Luge World Championships Bring A Sense Of Normalcy To An Otherwise Challenging Year

by Karen Price

Matthew Mortensen and Jayson Terdiman compete at the Olympic Winter Games PyeongChang 2018 on Feb. 14, 2018 in PyeongChang, South Korea.


Like most everything this past year, the 2020-21 season has been very different for members of the U.S. luge team.
From getting a later start than usual on the track to skipping the first half of the racing season, the team only started competing internationally at the beginning of the month and now the athletes are already getting ready this weekend’s world championships, which are part of the Team USA Champions Series, presented by Xfinity.
Even with all the challenges, however, they’re happy to be where they are.
“I know for me personally, and I believe for Chris (Mazdzer) as well, being on the sled is the most normal thing we can be doing right now,” said Jayson Terdiman, who competes in doubles with Mazdzer. “For me, the sport has always been the most fun thing. Sliding is a blast; it always has been, it always will be. I find normalcy there, which really helps me mentally deal with what’s going on outside of the realm of sport and try to take things day by day, as everyone is.”
Typically the team gets together in late September or early October for a training camp that runs 10 days to two weeks. That didn’t happen this year, and then in October USA Luge announced it would sit out the first four world cup weekends of the season and remain in the United States.
After training in Lake Placid, New York, in November and December, the team finally made its way to Europe. Just after the New Year the the Americans started off at the same track where they’ll be competing this weekend, in Koenigssee, Germany.
“To put it in baseball terms, it’s the Yankee Stadium of luge tracks,” said two-time Olympian Tucker West. “It’s probably 90 percent of the field’s favorite track. It’s difficult to make it down, and it’ll bite you if you do it wrong, but no matter what you’ll come up with a smile on your face.”
One of the defining characteristics of the track is the bend away, West said, a flat surface where you can really see the steerability of the sleds in action. Another big feature of the track is the “S” curves.
“Koenigssee is a beautiful track that definitely has a demon lying within it,” said Mazdzer, the three-time Olympian who became the first U.S. man to medal in singles at the Olympics when he won silver in PyeongChang in 2018. “Those curves are really tricky and if you mess it up, it’s not good. Every time you pull off the top, those S curves are always in the back of your mind. … You’re always flirting on the edge of disaster, and that’s what makes the track fun and also makes you really awake before your first run.”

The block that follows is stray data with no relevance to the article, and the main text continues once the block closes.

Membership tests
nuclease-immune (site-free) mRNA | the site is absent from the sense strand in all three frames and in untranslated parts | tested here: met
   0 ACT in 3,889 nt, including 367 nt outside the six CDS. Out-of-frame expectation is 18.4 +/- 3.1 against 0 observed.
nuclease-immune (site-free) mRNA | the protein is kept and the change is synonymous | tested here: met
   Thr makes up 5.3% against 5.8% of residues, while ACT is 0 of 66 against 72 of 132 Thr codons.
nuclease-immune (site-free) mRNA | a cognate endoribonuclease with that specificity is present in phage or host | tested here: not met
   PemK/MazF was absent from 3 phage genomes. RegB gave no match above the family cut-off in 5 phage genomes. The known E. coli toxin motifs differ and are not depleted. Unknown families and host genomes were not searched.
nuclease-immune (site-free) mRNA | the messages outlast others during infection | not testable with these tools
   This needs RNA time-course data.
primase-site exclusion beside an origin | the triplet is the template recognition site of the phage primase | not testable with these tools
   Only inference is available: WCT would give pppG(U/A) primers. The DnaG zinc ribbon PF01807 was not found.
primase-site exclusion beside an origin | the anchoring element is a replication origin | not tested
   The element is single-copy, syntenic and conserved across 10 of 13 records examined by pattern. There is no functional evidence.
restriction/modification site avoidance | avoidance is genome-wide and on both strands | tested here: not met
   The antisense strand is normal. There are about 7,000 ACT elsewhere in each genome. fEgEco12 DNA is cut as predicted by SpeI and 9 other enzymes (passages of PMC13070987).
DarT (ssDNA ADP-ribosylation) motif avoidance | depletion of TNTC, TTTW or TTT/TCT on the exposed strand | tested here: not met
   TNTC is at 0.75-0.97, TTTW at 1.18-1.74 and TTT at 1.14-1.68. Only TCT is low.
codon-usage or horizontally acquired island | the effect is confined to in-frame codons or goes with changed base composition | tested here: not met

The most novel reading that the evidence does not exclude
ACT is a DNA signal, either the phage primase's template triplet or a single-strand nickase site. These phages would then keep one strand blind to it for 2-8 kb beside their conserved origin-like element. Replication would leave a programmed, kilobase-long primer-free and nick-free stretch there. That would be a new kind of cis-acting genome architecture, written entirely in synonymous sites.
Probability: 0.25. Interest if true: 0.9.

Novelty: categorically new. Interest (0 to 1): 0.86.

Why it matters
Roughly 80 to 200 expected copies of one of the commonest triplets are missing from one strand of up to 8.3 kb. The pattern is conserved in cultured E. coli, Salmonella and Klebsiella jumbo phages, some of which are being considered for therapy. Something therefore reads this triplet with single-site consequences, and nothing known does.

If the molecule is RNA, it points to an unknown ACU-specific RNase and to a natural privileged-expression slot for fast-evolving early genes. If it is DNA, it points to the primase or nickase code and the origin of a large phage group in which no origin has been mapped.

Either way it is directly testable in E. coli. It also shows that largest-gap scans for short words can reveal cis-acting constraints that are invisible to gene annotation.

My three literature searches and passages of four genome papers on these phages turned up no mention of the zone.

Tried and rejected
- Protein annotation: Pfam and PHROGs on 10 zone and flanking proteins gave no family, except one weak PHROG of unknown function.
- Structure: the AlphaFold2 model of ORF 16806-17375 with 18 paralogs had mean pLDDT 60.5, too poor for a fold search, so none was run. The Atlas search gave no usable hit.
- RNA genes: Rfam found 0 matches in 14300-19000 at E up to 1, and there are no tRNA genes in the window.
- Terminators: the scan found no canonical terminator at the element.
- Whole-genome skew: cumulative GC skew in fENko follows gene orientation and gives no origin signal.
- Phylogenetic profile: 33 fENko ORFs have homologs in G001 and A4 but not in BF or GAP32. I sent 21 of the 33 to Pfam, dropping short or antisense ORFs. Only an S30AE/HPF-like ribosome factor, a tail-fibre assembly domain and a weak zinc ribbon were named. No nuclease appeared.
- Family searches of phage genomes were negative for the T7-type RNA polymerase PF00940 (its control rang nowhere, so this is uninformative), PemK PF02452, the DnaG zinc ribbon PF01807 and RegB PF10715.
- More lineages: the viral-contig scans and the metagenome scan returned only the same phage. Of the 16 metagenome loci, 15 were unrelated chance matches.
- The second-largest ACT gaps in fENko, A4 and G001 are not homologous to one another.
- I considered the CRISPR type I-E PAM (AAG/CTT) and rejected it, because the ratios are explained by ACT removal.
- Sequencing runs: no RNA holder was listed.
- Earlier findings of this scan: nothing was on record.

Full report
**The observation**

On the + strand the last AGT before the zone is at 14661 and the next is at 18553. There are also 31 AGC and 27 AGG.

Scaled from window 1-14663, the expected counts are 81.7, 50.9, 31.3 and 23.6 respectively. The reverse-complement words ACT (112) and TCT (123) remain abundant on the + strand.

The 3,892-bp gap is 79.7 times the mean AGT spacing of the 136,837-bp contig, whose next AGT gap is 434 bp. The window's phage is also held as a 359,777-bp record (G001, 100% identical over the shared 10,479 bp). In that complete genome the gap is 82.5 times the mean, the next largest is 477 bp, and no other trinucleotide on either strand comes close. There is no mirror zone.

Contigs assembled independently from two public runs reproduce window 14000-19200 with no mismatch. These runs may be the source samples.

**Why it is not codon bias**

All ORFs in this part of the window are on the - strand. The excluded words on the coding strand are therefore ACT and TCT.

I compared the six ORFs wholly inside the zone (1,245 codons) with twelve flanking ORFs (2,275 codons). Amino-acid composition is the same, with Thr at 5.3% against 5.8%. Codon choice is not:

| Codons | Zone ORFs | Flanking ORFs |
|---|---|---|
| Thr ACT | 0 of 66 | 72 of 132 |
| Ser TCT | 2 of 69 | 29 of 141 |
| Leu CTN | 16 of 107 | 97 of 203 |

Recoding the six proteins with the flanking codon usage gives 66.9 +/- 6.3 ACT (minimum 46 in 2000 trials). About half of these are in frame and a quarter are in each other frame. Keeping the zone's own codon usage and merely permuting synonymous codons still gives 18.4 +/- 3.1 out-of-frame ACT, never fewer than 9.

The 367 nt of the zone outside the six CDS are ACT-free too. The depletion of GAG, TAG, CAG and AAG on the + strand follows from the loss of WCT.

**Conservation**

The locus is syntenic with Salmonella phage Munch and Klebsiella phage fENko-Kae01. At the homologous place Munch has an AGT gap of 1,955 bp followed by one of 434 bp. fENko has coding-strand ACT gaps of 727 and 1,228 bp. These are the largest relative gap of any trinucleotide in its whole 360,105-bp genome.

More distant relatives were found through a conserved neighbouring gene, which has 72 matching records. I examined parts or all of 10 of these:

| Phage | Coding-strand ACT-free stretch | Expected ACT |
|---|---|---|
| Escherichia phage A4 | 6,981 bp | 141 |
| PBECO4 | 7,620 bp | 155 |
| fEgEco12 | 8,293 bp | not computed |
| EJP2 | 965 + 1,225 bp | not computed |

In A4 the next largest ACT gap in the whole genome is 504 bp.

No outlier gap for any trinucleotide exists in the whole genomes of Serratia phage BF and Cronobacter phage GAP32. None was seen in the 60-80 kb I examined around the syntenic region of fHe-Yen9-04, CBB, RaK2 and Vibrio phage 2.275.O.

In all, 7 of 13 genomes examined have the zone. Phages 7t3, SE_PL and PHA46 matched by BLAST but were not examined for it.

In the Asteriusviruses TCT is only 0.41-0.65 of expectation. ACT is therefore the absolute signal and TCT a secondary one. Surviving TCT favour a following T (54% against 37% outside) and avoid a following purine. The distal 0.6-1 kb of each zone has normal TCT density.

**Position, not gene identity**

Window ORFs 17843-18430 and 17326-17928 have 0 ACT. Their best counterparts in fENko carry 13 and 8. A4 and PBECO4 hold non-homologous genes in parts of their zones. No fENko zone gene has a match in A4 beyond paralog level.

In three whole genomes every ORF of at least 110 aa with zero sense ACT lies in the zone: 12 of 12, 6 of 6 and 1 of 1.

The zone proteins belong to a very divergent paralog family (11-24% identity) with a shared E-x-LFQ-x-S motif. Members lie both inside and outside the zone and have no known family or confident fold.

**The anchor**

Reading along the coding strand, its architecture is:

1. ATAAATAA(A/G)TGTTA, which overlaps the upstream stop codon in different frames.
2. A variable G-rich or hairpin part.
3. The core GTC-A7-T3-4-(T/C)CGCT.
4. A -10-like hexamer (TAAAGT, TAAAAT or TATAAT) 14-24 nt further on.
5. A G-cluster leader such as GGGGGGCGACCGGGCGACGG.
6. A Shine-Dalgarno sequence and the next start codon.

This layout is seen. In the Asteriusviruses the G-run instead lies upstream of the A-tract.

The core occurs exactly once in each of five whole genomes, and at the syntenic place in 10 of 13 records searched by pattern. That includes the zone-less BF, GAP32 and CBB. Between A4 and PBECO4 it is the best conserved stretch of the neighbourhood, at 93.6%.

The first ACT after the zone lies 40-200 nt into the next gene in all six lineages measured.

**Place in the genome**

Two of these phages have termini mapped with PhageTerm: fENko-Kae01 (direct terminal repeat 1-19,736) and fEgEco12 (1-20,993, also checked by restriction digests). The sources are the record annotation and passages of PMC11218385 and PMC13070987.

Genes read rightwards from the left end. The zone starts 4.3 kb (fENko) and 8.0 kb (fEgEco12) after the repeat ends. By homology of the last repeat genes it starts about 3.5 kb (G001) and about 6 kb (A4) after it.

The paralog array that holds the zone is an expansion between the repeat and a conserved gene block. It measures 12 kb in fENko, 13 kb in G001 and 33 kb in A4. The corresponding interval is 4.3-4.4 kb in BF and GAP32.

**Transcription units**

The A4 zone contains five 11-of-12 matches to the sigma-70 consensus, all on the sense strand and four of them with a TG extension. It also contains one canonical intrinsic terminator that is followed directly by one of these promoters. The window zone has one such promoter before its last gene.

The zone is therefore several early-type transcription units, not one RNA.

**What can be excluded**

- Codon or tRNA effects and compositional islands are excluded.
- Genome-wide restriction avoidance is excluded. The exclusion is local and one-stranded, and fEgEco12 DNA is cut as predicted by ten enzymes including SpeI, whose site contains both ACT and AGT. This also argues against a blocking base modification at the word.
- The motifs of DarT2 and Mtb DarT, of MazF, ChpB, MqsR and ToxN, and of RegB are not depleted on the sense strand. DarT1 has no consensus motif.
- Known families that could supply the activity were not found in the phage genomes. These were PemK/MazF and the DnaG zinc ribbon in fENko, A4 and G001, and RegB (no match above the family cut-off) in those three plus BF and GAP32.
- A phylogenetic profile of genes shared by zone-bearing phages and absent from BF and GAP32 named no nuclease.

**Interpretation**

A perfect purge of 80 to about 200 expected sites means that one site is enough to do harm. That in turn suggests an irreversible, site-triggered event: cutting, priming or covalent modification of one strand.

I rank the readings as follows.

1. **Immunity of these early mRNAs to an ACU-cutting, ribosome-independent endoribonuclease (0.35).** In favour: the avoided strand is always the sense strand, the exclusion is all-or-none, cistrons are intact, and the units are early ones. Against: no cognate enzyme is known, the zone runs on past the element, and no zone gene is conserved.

The U.S. relay team placed sixth that first weekend in Koenigssee, and the best individual finish belonged to Emily Sweeney, in 10th place.
Sweeney’s circumstances this month have been even more difficult than those of her teammates. A member of the U.S. Army’s World Class Athlete Program and National Guard, the 2018 Olympian and 2019 world championships bronze medalist was able to compete that first weekend in Koenigssee on earned leave. Afterward, she had to return to the U.S. because the WCAP was not authorizing any temporary duty orders because of COVID-19. That changed mid-January, and Sweeney rejoined the team last weekend in Igls, Austria, for the last race before world championships.
“It’s been a lot to deal with, I’m not going to sugar coat it,” said Sweeney, who finished 12th in Igls. “I think that, like anything, we’re getting really good at getting through things. It definitely didn’t put me in the ideal spot for right now but I’m figuring it out and I think I had the first race under my belt now and I’ll be ready for world championships.”
After a handful of top 10 finishes over the four world cup stops this month, the U.S. got its first world cup medal of the season on Sunday when two-time Olympian Summer Britcher took bronze in women’s singles in Igls.
“It felt really good,” Britcher said afterward. “I’ve had fun racing, but a little frustrated with myself. More than looking for results, I try to have runs that I’m really proud of and then no matter what the result I can be happy. I haven’t felt that way with the races so far. It’s been hard missing the first half of the season to get back into the swing of things, but the sun’s shining, the mountains are beautiful, I have great teammates, a great mood, and I was able to throw down two runs that I could be proud of.” 
Mazdzer plans to race both doubles with Terdiman and singles on Saturday, joining West and Jonny Gustafson in the latter competition. Joining Sweeney and Britcher on the women’s side on Sunday are Ashley Farquharson and Brittany Arndt.
This will be the 50th FIL Luge World Championships, and will include 48 women, 43 men and 29 doubles teams from 23 countries. The event was initially supposed to be held in Whistler, British Columbia, but was moved to Germany because of the ongoing pandemic. Spectators are not permitted. 
The last time the world championships were held at Koenigssee was in 2016, and the Germans dominated. Felix Loch is the runaway favorite to earn his seventh singles world title after winning for the ninth time this season in Igls. Among the favorites on the women’s side is four-time singles world champion Natalie Geisenberger, also of Germany.

Karen Price is a reporter from Pittsburgh who has covered Olympic and Paralympic sports for various publications. She is a freelance contributor to on behalf of Red Line Editorial, Inc.